For 25 years, Maria Hinojosa has helped tell America’s untold stories and brought to light unsung heroes in America and abroad. In April 2010, Hinojosa launched The Futuro Media Group with the mission to produce multiplatform, community-based journalism that respects and celebrates the cultural richness of the American Experience. She is currently reporting for “Frontline” on immigration detention.
As the anchor and managing editor of her own long-running weekly NPR show, Latino USA, and anchor of the Emmy Award winning talk show Maria Hinojosa: One-on-One from WGBH/ La Plaza, Hinojosa has informed millions of Americans about the fastest growing group in our country. Previously, a Senior Correspondent for NOW on PBS, and currently, a contributing Correspondent for Need to Know, Hinojosa has reported hundreds of important stories — from the immigrant work camps in NOLA after Katrina, to teen girl victims of sexual harassment on the job, to Emmy award winning stories of the poor in Alabama. Her investigative journalism presses the powerful for the truth while giving voice to lives and stories that illuminate the world we live in. Hinojosa has won top honors in American journalism including 2 Emmy’s, the Robert F. Kennedy Award for Reporting on the Disadvantaged, and the Edward R. Murrow Award from the Overseas Press Club for best documentary for her groundbreaking “Child Brides: Stolen Lives.” In 2009, Hinojosa was honored with an AWRT Gracie Award for Individual Achievement as Best TV correspondent. In 2010 she was awarded an honorary degree, Doctor of Humane Letters, by DePaul University in Chicago, as well as the Sidney Hillman Prize honoring her social and economic justice reporting.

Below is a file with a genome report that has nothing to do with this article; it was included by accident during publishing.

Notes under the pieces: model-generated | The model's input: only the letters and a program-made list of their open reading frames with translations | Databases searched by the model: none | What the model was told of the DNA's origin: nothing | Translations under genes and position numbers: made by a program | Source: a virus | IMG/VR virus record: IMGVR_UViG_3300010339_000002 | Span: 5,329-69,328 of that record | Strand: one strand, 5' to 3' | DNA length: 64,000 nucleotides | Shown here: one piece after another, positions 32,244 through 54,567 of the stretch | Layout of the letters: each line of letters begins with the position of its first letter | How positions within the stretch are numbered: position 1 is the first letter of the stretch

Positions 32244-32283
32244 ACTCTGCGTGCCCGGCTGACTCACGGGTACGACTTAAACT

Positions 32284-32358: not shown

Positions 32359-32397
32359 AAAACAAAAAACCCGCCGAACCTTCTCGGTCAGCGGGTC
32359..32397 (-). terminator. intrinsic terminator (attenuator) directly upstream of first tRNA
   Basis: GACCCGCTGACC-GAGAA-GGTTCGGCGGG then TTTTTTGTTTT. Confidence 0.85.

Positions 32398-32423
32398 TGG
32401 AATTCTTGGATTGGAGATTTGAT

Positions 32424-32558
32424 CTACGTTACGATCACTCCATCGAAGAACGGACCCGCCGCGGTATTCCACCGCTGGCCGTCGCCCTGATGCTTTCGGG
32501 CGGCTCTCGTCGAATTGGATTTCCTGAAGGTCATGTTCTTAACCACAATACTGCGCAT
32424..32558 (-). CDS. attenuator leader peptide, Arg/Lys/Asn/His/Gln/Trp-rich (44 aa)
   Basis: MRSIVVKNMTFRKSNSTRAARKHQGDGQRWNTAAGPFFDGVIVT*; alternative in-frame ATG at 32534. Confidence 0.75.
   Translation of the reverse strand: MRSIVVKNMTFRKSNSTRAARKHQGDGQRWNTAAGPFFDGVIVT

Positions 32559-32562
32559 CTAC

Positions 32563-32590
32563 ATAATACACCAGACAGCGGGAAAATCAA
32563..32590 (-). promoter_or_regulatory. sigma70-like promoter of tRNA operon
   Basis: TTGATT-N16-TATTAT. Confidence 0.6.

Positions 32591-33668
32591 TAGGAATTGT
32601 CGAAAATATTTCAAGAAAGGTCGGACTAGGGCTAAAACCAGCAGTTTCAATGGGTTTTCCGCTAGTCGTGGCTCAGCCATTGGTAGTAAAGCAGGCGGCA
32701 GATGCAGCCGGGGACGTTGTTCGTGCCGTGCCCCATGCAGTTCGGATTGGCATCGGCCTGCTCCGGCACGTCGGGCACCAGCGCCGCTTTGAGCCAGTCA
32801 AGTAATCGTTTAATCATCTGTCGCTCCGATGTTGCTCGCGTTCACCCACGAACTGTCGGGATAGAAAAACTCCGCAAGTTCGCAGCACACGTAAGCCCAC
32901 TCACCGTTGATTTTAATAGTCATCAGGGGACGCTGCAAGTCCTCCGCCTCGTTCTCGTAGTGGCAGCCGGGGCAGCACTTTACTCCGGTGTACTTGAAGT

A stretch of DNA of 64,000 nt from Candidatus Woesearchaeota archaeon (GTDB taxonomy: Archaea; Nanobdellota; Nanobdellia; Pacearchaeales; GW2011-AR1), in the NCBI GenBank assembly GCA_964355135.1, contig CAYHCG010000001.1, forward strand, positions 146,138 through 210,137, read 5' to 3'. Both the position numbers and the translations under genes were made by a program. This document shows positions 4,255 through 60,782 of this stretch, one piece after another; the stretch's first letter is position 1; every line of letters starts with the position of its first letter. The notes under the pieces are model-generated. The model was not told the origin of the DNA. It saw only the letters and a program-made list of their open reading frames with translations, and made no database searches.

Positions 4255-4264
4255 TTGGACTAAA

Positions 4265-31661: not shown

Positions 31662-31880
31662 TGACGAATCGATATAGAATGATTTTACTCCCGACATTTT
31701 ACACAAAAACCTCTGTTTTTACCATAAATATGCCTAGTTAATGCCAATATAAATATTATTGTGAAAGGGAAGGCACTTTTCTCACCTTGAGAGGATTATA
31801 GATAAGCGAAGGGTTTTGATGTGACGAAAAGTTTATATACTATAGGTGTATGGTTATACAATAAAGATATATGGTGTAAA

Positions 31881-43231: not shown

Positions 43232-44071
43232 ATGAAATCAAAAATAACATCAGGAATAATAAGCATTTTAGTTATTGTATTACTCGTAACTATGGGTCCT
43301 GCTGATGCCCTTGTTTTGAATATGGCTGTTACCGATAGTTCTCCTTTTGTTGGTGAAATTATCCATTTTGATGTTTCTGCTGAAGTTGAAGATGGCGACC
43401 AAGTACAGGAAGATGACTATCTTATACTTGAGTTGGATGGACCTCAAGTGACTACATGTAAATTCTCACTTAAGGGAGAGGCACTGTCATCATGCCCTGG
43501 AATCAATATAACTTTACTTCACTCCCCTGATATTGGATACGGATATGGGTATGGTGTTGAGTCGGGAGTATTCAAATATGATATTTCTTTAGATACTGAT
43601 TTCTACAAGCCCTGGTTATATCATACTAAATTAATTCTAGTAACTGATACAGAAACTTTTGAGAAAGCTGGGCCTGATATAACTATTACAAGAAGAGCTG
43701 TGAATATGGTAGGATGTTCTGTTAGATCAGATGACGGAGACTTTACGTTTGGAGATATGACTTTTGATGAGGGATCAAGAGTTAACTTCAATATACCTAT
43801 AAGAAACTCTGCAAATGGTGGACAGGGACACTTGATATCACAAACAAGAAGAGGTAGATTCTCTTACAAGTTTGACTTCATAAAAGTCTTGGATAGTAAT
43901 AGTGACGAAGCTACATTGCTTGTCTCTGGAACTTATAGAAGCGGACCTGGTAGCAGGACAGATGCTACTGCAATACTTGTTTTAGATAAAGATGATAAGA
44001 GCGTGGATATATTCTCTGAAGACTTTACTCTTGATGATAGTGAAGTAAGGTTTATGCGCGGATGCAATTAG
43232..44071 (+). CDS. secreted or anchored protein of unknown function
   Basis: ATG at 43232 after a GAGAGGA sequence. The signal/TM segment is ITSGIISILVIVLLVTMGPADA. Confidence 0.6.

NPR's Ari Shapiro talks with Latino USA podcast host Maria Hinojosa about the anniversary of the El Paso Walmart shooting and the life of the Latinx community in the U.S. since.
There are calls for President Obama to pardon Oscar López Rivera, who was jailed in connection to a series of bombings by a radical nationalist group. But to some, he's still an unrepentant terrorist.
The "Charismatic" movement involves worshipping with exuberance, miraculous healings, prophesying and establishing a personal connection with God — and the number of converts is growing. According to a recent survey by NPR, about one-third of Latino Catholics in the U.S. identify as "Charismatic."
For people like Marco Polo Santiago who grew up in Los Angeles, getting back to his Mexican roots happens partly by making music with a quijada — the skeleton of a donkey jaw.